More than 90% of patients with critical coronavirus treated with antimalarial drug hydroxychloroquine seen signs of dangerous heart arrhythmias, showed research conducted in USA and France. These manifested signs can lead to fatal cardiac arrest
Doctors warn that the use of hydroxychloroquine for the treatment of coronavirus can be dangerous, because more than 90 percent of patients with Covid-19 in two studies of the drug showed signs of dangerous heart arrhythmias, writes British newspaper The Daily Mail.
If cardiac arrhythmia is too long, it can cause heart attack and stroke.
Researchers in the United States and France closely monitored the action advertised trump anti-malarial drugs with 90 and 40 patients, respectively.
Each of these studies found that more than 90 percent of patients with coronavirus in intensive care had a longer than usual delay between contractions of the heart, which is a worrying sign that the drug may impair their cardiac function.
The American President trump (and not only he, but many doctors and patients) had high hopes for hydroxychloroquine, once held in France, the study showed that this medication significantly improved the survival rates and healing time for patients with coronavirus.
Managing quality control of products and medicines USA gave permission for the emergency use of hydroxychloroquine for doctors, so they tried to apply the drug to U.S. patients with the coronavirus.
“Among the possible methods of treatment hydroxychloroquine promoted and even politicized as a promising therapy because of its potential anti-inflammatory and antiviral properties,” said a cardiologist at northwestern University Dr. Robert Bono in its editorial in the journal JAMA Cardiology.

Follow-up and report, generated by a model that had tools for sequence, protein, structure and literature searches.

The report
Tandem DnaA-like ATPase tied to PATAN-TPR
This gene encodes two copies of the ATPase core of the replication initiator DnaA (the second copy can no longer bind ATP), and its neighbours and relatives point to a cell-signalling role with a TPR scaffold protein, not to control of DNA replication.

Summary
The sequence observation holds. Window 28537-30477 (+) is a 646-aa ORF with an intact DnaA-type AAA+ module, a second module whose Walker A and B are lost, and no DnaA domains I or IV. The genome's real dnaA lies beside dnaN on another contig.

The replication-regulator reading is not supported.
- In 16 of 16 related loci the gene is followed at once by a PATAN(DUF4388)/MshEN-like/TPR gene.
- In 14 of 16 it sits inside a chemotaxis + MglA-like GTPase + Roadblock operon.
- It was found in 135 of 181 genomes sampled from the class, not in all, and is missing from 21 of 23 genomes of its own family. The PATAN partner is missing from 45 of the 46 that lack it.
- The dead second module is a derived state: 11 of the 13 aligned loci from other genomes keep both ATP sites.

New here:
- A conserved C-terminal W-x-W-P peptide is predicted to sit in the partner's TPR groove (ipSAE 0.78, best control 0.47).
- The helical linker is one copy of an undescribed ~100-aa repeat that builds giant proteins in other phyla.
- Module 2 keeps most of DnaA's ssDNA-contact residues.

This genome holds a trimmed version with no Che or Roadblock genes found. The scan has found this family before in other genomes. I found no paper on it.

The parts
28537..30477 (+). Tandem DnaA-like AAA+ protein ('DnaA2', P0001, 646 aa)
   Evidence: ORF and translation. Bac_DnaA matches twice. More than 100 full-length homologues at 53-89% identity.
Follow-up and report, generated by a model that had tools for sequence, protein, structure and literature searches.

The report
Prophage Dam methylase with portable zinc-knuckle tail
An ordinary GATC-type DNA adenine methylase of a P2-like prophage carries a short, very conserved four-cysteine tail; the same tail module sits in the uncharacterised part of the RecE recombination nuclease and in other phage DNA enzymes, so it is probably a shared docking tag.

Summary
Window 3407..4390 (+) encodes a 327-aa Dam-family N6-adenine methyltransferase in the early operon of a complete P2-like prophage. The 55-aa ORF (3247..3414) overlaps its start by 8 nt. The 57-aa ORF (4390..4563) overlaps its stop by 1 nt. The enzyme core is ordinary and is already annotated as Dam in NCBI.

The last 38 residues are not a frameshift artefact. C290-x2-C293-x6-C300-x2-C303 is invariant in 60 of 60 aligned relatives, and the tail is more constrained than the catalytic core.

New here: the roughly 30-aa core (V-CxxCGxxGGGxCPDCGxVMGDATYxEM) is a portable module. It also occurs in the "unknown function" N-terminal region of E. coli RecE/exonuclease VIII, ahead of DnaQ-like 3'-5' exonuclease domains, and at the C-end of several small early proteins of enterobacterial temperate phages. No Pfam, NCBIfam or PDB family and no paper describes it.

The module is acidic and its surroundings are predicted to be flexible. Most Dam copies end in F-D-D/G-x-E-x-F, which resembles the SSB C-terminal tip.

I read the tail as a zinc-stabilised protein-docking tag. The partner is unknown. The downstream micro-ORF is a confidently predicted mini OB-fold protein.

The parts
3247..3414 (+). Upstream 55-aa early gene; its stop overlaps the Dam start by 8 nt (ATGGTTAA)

But this medicine is not without hidden dangers, notes The Daily Mail. Although it is used to treat malaria and autoimmune diseases such as lupus and rheumatoid arthritis, hydroxychloroquine can lead the process, which causes the heart to beat in time.
One study of this drug in Brazil was stopped after many of the registered patients with the coronavirus, which was treated with hydroxychloroquine developed arrhythmia.
To try to determine when, why and how often this occurred, researchers from Massachusetts General hospital in USA and the University of Lyon in France closely followed the so-called syndromes remote interval (QT) in critical patients with the coronavirus treated with hydroxychloroquine.
In fact, the QT interval measures the time that passes between when the ventricular heart muscle is reduced, and then relaxes.
When this interval becomes too long, the patient had developed a dangerous form of heart arrhythmia (called atrial fibrillation).
This was one of the main reasons why patients are advised to stop taking the drug.
Normal QT interval lasts from 400 to 440 MS (men have shorter QT intervals than females).
In the French study, a quarter of the patients had QT intervals that were conducted in 60 milliseconds longer, and 18% of the observed was recorded intervals with a duration of 500 milliseconds or longer.
In the research of experts from Massachusetts, 20% of the 90 patients had QT levels reaching or exceeding 500 milliseconds. 30 of them were treated in intensive care units.
Special concern stems from the fact that doctors believe that coronavirus can infect the heart and cardiovascular system, infecting tissue causing blood clots damaging the blood vessels or the resulting inflammation caused by a virus.
Dr. Robert Bono noted that acutely ill patients, such as most of those treated in these two studies may be at greater risk of cardiac arrhythmia due to other factors.
He also writes that it is possible that in some cases the potential benefit of hydroxychloroquine may outweigh the risk of arrhythmias.
This is reflected on the website of the American College of cardiology about the experimental use of hydroxychloroquine for the treatment of patients with COVID-19, “Though the use of drugs that prolong QT, is associated with an increased risk of death, this risk may be less than the potential benefit from treatment COVID-19 for some patients. Currently there is hope for the benefits of hydroxychloroquine, but there is little evidence. That could change quickly, given the multiple pending clinical trials”.